Miles of beautiful soft white sand, occassional shade from trees along the dunes and sparkling ocean, it really does have everything I want in a beach.

Angourie beach

Mara Creek meets Angourie Beach
Angourie Point

Yurigir National Park

This has to be one of the biggest attractions in the area for those that love the outdoors.  Stretching along 65km of coastline from Angourie in the north to Red Rock in the south this area is stunningly beautiful.  This multi day hike has several camping tracks along the way, the first from the Angourie end is at Shelley Beach about 5km in and has no vehicle access.  Other camping spots on the track can be accessed by car and are even suited to caravan access.

As a day walk Shelley Beach is also a popular destination at 10km return but in reality any portion of this track is stunning so pick a distance to suit your fitness and available time.  A walk out along the coastal trail and returing along the length of Angourie beach crossing the tannin stained Mara Creek is a must.

Yurigir National Park

Stop and watch the sun rise and set

Watching the sun come up or settle over the horizon at the end of the day is one of the most relaxing things to do.  I love to watch nature paint the sky in a constantly changing palette and pattern.  We headed down to the break wall and river mouth each evening for our pre-dinner entertainment and were treated not only to the beautiful colours and patterns in the sky but pods of dolphins frolicking in the bay every night.  Very special!

Things to do in Yamba - Sunset
Sunset setting over the Clarence river in Yamba

So there you have it, so many great reasons to visit Yamba or to extend your stay for a few extra days.  We only had 3 nights on this trip and could easily have spent twice that, I’m pretty sure we’ll be heaing back as soon as we get the chance to see more of the surrounding Clarence Valley.  Happy travelling!

If you’ve been to Yamba and have any top tips to add please share them in the comments below or add your own favourite spots in northern New South Wales.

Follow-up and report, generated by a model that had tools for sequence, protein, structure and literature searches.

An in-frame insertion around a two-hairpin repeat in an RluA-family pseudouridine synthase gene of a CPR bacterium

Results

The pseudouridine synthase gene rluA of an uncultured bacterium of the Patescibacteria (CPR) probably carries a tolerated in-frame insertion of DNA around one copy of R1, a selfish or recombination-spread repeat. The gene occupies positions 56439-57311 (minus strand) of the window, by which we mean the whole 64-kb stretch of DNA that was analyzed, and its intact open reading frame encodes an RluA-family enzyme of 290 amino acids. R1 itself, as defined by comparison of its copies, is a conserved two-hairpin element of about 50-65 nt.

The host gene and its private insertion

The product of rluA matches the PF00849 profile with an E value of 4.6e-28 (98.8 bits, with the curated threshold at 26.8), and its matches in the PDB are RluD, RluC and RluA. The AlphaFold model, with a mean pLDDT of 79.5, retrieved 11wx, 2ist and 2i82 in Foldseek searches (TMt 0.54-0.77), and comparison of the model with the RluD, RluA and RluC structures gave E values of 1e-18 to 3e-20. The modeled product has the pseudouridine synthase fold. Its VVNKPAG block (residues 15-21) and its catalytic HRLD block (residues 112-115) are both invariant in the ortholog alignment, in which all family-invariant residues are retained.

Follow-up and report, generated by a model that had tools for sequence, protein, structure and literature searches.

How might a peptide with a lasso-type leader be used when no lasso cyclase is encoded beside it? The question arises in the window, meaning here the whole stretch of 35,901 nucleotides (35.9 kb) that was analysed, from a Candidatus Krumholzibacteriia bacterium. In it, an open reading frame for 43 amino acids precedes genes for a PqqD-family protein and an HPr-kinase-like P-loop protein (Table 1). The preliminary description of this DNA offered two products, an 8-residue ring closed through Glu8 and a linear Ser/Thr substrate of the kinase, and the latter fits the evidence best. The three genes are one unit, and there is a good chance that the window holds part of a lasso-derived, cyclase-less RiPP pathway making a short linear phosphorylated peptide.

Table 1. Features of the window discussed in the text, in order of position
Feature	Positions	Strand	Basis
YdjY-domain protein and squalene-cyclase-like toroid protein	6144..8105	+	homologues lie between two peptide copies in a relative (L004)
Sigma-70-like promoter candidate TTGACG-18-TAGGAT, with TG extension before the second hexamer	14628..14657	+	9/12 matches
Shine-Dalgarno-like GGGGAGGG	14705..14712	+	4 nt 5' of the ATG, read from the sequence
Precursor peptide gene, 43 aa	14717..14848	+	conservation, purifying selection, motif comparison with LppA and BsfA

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There are many reasons to visit Yamba in NSW, Australia. Here are 13 ideas to get you started.
There are many reasons to visit Yamba in NSW, Australia. Here are 13 ideas to get you started.

15 Comments

  • You’ve sold me on Yamba. I remember my brother holidaying there and telling me how the whole family loved it. Now that I live closer I hope to be able to visit soon!

  • I have actually never heard of this place which makes me eager to explore! I have only really explored Queensland so think I need to get my butt back over the ditch and do a road trip or something!

  • This makes me wish I’d had a car while living in Sydney to explore more of NSW! All the beaches are so varied.. I am loving the green and blue pools!

  • Fairly certain I’ve passed through Yamba on numerous childhood trips to Queensland, but don’t recall ever stopping there. Might have to in the future – looks pretty unreal!

  • Thanks for the detailed piece on Yamba. A few years back we’d lived in Sydney for a year and never heard of this place at all. The “BloodyL clouds look awesome.

  • I love how New South Wales is very different. At first glance it is very rugged but there’s a certain beauty and charm to it that is very unique. I’d like the chance to explore it the first chance I get!

  • wow, is all I can say. I have yet to make it to Australia, but the images of the coastline at awfully tempting. I love the fact that these beautiful, stunning beaches are almost entirely empty. There is nothing better than exploring a coast, spending time at a few beaches, all in relatively peace. No jockeying for the best position on the beach with hundreds of other people.

  • I’m not a surfer but I would love all he other outdoor activities – the hiking, the beaches, and wildlife spotting. We saw dolphins in Egypt and whales in Iceland in the wild and it was such an amazing experience both times – the kids still talk about it. It would be great to see that again!

  • When we made our away to Australia we only had time to do Sydney and a few days out on the GBR. I would absolutely LOVE to make my way back one day and explore more. Yamba looks like a dream!